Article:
We’ve all heard of it, and the chances are you are one of its 845 million active users. But does that mean you’ll be investing in Facebook? The social network, founded by CEO Mark Zuckerberg in his Harvard dorm room seven years ago, has been valued at $75-100bn while its initial public offering (IPO) is one of the most hyped flotations in years. But even those figures fail to impress some.
“It’s difficult to avoid the overwhelming conclusion that Facebook, at its IPO, will be way overpriced,” Mark Hulbert of MarketWatch writes in his most recent report on the social network.
“At its anticipated IPO later this year, Facebook will be three times more expensive than Google was at its IPO — nearly 40 times more expensive than the average large IPO of the last four decades,” he adds.
Hulbert is not alone. Thousands of column inches have been dedicated to analysing Facebook’s success as a publicly listed company since it filed its $5bn IPO registration documents with the Securities and Exchange Commission (SEC) on February 1 — the majority of which are unlikely to persuade the average investor to buy its stock.
The social networking site faces a slew of challenges as it looks to persuade its potential investors that it can make the transition from college startup (albeit a very big one) to a global giant that can stand the test of time alongside the likes of Apple and Google. Possible investors could include Prince Alwaleed, who said in an interview with CNBC that he would evaluate the stock once the firm goes public.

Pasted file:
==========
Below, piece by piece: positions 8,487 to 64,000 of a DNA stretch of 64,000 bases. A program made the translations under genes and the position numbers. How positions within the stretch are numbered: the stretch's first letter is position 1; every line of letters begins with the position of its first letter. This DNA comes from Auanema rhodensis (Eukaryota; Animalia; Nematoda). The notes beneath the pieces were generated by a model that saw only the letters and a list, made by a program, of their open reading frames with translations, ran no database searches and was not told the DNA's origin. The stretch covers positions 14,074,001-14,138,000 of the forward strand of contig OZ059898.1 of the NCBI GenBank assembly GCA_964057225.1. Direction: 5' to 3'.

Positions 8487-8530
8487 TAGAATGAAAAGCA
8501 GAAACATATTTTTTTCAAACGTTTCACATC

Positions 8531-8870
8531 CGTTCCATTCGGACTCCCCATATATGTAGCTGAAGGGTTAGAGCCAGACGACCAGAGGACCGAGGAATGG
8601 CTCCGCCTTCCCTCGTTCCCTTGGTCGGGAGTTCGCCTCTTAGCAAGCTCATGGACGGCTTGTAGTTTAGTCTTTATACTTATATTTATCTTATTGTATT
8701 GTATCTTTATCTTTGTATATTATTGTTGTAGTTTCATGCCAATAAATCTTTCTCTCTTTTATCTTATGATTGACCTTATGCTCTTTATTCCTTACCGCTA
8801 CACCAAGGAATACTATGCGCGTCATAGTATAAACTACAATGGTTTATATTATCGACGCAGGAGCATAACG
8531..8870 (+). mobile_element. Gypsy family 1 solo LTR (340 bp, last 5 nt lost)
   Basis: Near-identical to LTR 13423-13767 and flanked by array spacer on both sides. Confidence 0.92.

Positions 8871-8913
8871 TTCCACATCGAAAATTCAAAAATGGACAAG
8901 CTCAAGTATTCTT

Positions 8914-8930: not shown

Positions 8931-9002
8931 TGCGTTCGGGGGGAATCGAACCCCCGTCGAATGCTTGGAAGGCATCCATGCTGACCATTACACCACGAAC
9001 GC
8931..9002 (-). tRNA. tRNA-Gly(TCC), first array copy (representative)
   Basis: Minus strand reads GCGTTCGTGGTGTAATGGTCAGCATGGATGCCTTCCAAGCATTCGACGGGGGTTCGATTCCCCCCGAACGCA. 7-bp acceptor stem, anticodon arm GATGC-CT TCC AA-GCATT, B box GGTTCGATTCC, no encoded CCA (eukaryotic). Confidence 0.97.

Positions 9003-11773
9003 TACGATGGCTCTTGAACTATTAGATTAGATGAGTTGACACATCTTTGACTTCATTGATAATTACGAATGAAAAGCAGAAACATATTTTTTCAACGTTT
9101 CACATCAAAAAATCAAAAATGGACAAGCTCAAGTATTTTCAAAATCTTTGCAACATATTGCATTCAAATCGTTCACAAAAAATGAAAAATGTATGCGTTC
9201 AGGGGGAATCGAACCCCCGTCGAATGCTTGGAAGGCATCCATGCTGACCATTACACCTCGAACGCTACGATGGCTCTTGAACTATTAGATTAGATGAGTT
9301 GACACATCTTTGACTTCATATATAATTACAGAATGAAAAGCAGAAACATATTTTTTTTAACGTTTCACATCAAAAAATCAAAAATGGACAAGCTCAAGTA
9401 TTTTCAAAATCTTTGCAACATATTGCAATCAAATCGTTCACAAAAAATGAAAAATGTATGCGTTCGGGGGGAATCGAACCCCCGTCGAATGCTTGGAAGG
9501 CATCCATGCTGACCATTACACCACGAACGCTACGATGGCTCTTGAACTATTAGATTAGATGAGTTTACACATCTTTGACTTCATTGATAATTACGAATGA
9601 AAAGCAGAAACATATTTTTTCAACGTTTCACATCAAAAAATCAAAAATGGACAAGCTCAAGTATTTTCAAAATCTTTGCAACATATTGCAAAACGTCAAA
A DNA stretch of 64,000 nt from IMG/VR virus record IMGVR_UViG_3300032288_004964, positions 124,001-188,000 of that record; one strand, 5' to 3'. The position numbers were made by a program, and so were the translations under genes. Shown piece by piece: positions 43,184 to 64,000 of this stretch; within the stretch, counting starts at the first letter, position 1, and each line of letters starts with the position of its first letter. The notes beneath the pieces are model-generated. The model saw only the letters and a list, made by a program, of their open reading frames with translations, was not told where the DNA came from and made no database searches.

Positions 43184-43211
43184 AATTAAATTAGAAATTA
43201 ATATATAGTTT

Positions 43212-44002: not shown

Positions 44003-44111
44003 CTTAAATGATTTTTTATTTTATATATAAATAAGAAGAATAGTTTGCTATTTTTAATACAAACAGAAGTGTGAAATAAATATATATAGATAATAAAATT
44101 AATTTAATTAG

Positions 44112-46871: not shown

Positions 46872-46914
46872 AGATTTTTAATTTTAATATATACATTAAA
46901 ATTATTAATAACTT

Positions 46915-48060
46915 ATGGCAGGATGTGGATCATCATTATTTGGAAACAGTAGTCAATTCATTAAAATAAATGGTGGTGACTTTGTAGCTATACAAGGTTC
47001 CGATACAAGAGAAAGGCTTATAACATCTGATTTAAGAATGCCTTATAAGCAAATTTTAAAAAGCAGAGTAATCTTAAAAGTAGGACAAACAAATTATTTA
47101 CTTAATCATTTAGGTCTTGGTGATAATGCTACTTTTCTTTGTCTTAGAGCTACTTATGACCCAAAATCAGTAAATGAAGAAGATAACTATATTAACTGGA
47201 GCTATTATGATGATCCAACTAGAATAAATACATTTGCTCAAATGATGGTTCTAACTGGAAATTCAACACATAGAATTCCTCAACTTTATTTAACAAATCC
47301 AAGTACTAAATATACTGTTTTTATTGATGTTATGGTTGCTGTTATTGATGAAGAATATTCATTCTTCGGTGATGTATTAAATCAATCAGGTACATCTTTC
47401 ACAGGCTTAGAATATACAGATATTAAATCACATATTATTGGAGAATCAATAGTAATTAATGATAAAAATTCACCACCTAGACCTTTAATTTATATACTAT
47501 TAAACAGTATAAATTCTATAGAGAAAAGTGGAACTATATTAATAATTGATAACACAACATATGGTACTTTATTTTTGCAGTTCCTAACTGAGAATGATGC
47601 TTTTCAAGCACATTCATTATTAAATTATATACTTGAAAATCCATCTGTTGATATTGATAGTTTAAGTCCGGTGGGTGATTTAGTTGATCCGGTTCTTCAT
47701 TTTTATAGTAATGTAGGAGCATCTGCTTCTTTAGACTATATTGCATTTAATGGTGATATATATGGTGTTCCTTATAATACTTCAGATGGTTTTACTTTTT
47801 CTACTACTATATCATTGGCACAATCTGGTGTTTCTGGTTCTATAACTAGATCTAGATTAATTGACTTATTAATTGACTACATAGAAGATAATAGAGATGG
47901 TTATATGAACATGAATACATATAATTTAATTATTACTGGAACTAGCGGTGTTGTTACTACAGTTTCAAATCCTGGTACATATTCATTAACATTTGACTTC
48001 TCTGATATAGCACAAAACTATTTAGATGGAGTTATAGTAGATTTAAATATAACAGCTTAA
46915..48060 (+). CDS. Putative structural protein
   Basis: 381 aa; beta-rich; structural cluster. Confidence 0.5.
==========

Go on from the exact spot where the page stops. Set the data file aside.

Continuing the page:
Zuckerberg, however, is confident that now is the right time. “We’re going public for our employees and our investors. We made a commitment to them when we gave them equity that we'd work hard to make it worth a lot and make it liquid, and this IPO is fulfilling our commitment. As we become a public company, we’re making a similar commitment to our new investors and we will work just as hard to fulfill it,” he wrote in his 2,173-word statement of intent.
A $5bn flotation would not only make Facebook one of the largest technology companies in the world but would also turn around 900 of its staff — including longtime employees and a graffiti artist who once painted Facebook’s office walls — into paper millionaires. It will also mean that its founder, who owns a 28.7 percent stake in the firm, will be worth $26.15bn.
That said, Facebook doesn’t need to float. As Zuckerberg says clearly states, the main reason is to allow investors to cash in on a portion of their earnings. Investment banks and financiers — set to make around $500m in fees from the filing — will also be pushing for a massive IPO.
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